AMD CEO Lisa Su: Genoa 4th Generation EPYC Deployment 'Provides Leadership' for Data Center |  CRN

AMD CEO Lisa Su: Genoa 4th Generation EPYC Deployment ‘Provides Leadership’ for Data Center | CRN

Data Center News

Shane Snider

The company’s latest high-powered computer chips aimed at the data center pull directly on the arc of rival Intel Corp., which has dominated the x86 data center space but has lost ground to AMD in recent times. years. “AMD has finally achieved its goal of becoming a true data center provider,” a channel partner told CRN.


AMD officially launched the highly anticipated fourth-generation EPYC processors for high-performance computing (HPC) in the data center on Thursday.

The new EPYC Genoa processors promise to bring AMD’s highest performance core ever to the data center, while increasing power efficiency for mission-critical workloads for cloud, enterprise and HPC needs, a said the company.

The company said that with 96 cores, the new processors will support performance and efficiency and help secure data with multiple layers of physical and virtual protection with twice as many encryption keys compared to previous generations. Based on a 5 nanometer manufacturing process, the processors will run on the latest Zen 4 computing architecture.

“Choosing the right data center processor is more important than ever,” AMD CEO and President Lisa Su said at Thursday’s EPYC launch event. “I am proud to say that the 4th Generation EPYC provides leadership in all dimensions. It’s the best performer, it’s the most efficient, and we deliver significantly better performance per watt than our competitors. And what that means for the business and for cloud data centers…it translates to lower (capital expenditure), lower (operating expenditure), and lower total cost of ownership, while including all the performances we talked about.

Tom Morton, senior HPC account manager at Burnsville, Minn.-based Nor-Tech, said his company is seeing significant gains in the data center with the AMD product, pointing to the recent $1 million contract. of Nor-Tech to supply AMD’s third-generation EPYC Milano processors. for the California Institute of Technology Laser Interferometer Gravitational Wave Observatory. “AMD has finally achieved its goal of becoming a true data center vendor,” Morton said. “As a service, Nor-Tech provides a testbed of the latest Intel and AMD processors and Nvidia and AMD GPUs for its customers to test their code on the latest hardware to compare and contrast results reference. In this case, the EPYC provided Caltech with the best performance per dollar. »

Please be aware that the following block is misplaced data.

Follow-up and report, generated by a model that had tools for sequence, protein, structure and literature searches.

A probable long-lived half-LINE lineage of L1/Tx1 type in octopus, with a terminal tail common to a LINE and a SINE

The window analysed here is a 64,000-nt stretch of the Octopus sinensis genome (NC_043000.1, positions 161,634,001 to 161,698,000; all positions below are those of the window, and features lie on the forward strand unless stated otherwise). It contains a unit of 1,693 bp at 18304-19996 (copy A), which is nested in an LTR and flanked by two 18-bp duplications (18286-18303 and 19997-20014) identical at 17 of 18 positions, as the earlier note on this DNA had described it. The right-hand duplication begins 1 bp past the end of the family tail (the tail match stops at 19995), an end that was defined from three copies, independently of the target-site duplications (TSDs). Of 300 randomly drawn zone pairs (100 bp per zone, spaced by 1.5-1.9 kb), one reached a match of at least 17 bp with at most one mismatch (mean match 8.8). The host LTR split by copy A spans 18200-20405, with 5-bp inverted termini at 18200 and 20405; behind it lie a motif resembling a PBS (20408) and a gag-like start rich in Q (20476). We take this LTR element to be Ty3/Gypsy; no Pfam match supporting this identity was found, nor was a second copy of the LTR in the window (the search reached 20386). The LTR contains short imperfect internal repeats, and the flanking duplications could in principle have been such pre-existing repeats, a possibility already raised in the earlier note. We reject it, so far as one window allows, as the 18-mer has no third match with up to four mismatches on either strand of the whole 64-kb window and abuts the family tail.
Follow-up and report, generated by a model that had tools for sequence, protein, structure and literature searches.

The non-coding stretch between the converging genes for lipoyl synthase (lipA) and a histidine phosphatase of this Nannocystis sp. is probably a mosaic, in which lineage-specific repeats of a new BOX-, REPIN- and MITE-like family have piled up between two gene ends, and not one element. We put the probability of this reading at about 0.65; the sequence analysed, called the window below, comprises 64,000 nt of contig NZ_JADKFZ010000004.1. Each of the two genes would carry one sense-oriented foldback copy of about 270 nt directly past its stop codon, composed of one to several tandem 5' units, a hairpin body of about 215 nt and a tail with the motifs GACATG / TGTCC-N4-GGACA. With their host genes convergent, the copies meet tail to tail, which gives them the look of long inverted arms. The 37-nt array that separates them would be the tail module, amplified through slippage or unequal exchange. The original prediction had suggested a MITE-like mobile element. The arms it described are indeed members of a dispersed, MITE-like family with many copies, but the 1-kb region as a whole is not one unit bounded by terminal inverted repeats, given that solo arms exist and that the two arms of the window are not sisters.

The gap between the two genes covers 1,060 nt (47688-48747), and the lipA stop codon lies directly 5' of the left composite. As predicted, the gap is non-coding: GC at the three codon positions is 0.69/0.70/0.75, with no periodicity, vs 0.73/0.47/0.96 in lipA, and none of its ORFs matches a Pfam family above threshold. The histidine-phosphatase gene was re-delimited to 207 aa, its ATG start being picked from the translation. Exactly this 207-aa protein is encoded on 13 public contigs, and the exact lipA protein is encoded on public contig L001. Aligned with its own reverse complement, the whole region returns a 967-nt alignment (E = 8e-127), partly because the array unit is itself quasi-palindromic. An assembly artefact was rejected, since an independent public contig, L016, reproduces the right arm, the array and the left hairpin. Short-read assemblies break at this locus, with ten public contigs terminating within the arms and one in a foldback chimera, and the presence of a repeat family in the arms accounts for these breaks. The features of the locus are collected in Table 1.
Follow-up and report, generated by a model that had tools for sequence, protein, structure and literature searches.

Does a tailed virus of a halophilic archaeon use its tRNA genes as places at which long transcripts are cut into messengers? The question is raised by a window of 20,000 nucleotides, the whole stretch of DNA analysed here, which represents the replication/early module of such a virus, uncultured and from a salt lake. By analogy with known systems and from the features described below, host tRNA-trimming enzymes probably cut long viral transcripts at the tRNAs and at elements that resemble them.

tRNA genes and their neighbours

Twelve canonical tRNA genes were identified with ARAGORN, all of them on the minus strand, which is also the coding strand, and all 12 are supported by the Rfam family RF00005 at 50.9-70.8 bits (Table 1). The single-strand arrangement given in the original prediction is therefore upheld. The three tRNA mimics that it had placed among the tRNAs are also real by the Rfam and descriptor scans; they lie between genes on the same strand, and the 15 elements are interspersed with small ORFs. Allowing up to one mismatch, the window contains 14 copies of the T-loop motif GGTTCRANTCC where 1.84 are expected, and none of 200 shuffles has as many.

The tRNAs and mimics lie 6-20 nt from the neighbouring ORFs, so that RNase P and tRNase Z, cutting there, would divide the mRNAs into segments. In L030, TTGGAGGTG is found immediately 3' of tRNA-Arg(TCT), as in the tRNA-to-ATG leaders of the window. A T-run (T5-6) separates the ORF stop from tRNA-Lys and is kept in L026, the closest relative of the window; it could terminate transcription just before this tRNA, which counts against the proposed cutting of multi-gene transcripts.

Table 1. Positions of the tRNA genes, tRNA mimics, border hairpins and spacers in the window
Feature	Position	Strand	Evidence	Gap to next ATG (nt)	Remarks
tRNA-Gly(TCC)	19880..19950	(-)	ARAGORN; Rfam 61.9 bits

And with the latest release of fourth-generation EPYC, Morton expects demand to continue and competition between AMD and Intel to intensify further. “With Genoa (the codename for EPYC 4th Gen), AMD will take another step to further widen the price/performance gap over Intel,” Morton said. “In 2023, when Intel releases Sapphire Rapids, it will also take a step forward in terms of cores and performance. It is end users and researchers who will benefit from this kind of healthy competition and choice.

Intel’s next-generation HPC product – the Sapphire Rapids processor – has suffered numerous delays and is now expected to launch in January. AMD’s fourth-generation launch includes 18 products under the EPYC umbrella, ranging from 16-core to 96-core with speeds up to 4.4GHz. The new products also support DDR5 and PCIe Gen 5 memory for artificial intelligence (AI) and machine learning (ML) applications – some of the first chips to achieve this compatibility.

“We’ve built the best data center processor roadmap in the industry, and with the 4th Gen EPYC, we’re delivering another major leap in performance and efficiency to make the best processor roadmap even better server performance,” Su said. “With a significantly expanded set of solutions being launched from our partner ecosystem, customers who choose EPYC Gen4 to power their data centers can improve performance, consolidate their infrastructure and reduce energy costs.”

AMD recently announced third-quarter earnings showing slower PC sales reducing its bottom line with net profit down 93% to $66 million and a year-over-year operating loss of 64 million. millions of dollars. But the data center business remained strong, growing 45% year-over-year to $1.6 billion in revenue, driven by EPYC sales.

“We are confident that our industry-leading product portfolio, strong balance sheet and continued growth opportunities in our data center and integrated businesses position us well to navigate the current market dynamics,” Su told investors during of a call for results.

    Learn more about Shane Snider

Shane Snider

Shane Snider is an associate editor covering personal computing, mobile devices, semiconductor news, hardware reviews, breaking news and live events. Shane is a seasoned journalist, having worked for newspapers in upstate New York and North Carolina. He can be contacted at

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